The F output of the fourth element of counter 273 is connected as an input to "AND" gate 303 and to and through inverter 304 as an input to "AND" gate 305. The other inputs to "AND" gates 303 and 305 are obtained from the T and F outputs, respectively, of five-stage counter 306. The outputs of "AND" gates 303 and 305 are connected as inputs to "OR" gate 307 developing even/odd output signals fed to line 202. The fourth element F output is also connected as an input to "AND" gate 308, connected as the J input to J-K flip-flop 293, to "AND" gate 284, to "AND" gate 309, connected as the J input to J-K flip-flop 285, to and through inverter 310 as an input to "AND" gate 311, connected as the J input to J-K flip-flop 312, to the K input to both J-K flip-flops 312 and 313, and also as input to "AND" gate 314, connected as the K input to J-K flip-flop 293. The other input to "AND" gate 314 is obtained as the F output from the third stage of counter 273. The connect request signal of line 114 is connected as an input to the J input to J-K flip-flop 294 and path available signals on line 217 are fed to "AND" gate 308. Thus, the Q output of flip-flop 294 is caused to feed path search signals to path search line 115 and to "AND" gate 317 which also receives other inputs from the Q outputs of flip-flops 285, 312, and 313. The output of "AND" gate 317 develops bus enable signal output on line 203 and is also connected to "AND" gate 308. Disconnect request line 213 is connected as an input to "AND" gates 309 and 311, connected as the J inputs to flip-flops 285 and 312, respectively. The Q output of flip-flop 312 is applied as an input to "OR" gates 318 and 319. The resulting Q output of flip-flop 285 is connected to "OR" gate 318 and as one of three inputs to "AND" gate 284 that feeds latch in signals to line 210 and the J terminal of J-K flip-flop 313. "OR" gate 318 feeds request acknowledge signals to line 214. The Q output of flip-flop 313 feeds latch out signals to line 209 and to "OR" gate 319 output connected as an input to "AND" gate 300 that feeds disconnect signals to line 110.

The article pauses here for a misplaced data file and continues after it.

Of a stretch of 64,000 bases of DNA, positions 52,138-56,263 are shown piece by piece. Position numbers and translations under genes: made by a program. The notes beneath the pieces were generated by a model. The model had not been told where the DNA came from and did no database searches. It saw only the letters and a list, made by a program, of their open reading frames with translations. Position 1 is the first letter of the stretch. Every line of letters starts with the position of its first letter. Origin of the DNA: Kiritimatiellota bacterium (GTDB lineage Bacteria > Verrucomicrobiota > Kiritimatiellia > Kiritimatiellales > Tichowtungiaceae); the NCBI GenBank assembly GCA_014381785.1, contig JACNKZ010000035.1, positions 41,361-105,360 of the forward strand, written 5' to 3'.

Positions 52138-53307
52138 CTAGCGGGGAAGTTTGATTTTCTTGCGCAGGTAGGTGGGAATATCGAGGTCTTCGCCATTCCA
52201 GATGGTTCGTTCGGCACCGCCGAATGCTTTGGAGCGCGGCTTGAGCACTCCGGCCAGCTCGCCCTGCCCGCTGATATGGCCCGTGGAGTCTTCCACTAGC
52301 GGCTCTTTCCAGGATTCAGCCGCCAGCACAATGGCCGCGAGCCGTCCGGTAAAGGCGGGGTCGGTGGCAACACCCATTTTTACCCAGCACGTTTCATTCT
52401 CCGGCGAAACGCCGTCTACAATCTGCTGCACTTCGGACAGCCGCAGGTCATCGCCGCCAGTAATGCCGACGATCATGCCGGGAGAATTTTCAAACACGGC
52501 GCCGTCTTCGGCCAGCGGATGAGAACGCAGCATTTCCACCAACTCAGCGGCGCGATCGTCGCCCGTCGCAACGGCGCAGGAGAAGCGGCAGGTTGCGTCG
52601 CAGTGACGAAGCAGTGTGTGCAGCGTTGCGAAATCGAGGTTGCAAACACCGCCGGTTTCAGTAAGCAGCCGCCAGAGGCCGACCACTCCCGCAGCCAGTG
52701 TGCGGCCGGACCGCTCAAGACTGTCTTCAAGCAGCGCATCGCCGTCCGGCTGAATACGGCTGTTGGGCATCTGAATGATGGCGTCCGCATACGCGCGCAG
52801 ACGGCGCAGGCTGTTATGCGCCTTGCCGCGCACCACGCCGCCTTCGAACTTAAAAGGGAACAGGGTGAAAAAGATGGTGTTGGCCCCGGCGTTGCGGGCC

Connect requests are stored in flip-flop 294 that raises the bus enable output via "AND" gate 317 except when disconnects are being processed. The bus enable output loads the connect request data onto the address buses to begin the path search operation. If an idle path is signified by the path available input during the latter half of an even time slot, flip-flop 293 is set to enable write outputs and disable read outputs. Flip-flop 293 is reset at the end of the next odd time slot and thereby allows two write pulses to be generated at the end of successive even and odd time slots. Five-bit counter 306 counts coincidences of I/O word clock and word clock signals, which occur every nine time slots. The last stage of counter 306 thus changes state after every frame (144 time slots). This change of state causes the sense of even/odd output to alternate after every frame so that source and destination are interchanged as the output is applied to the address buses. In disconnect functioning, disconnect requests that occur during odd time slots are accepted and stored in flip-flop 312 only if a connection set up is not in progress. When odd time slot disconnect requests are accepted, flip-flop 312 remains in the request acknowledge signal state until the trailing edge of the disconnect signal. Disconnect requests occurring during even time slots are stored in flip-flop 285 that produces a request acknowledge signal and enables the generation of a latch-in pulse at the end of the even time slot that results in the storing of the source of a disconnect request in latch 208. Subsequently, a latch-out signal is generated by flip-flop 313 in the following odd time slot to enable loading of latch data onto bus A12 -A19.
Thus, there is herein provided a hardwired marker circuit system for TST switches having an improved "folded" operation configuration with connect and disconnect procedures simplified, since a second path is automatically specified whenever the first path is selected for a circuit. Only one pathfinding operation is required in a folded switch for establishing both paths in a completed circuit through the switch and disconnect is simplified with both paths being released simultaneously. Blocking problems are cut in half with a second path through the switch automatically available when a first path is found, and control information for two paths of a call being shared results in some economy in the size of the control store structure. The hardwired marker circuit achieves automatic connection set up in accordance with time folded operation, responds to disconnects in automatically updating appropriate control stores, and generates the necessary control signals for time folded switch operation. Call processing load is reduced and thereby the switch processor can be concerned primarily with specialized service requests.
Whereas, this invention is herein illustrated and described with respect to several embodiments thereof, it should be realized that various changes can be made without departing from essential contributions to the art made by the teachings hereof.
|Cited Patent||Filing date||Publication date||Applicant||Title|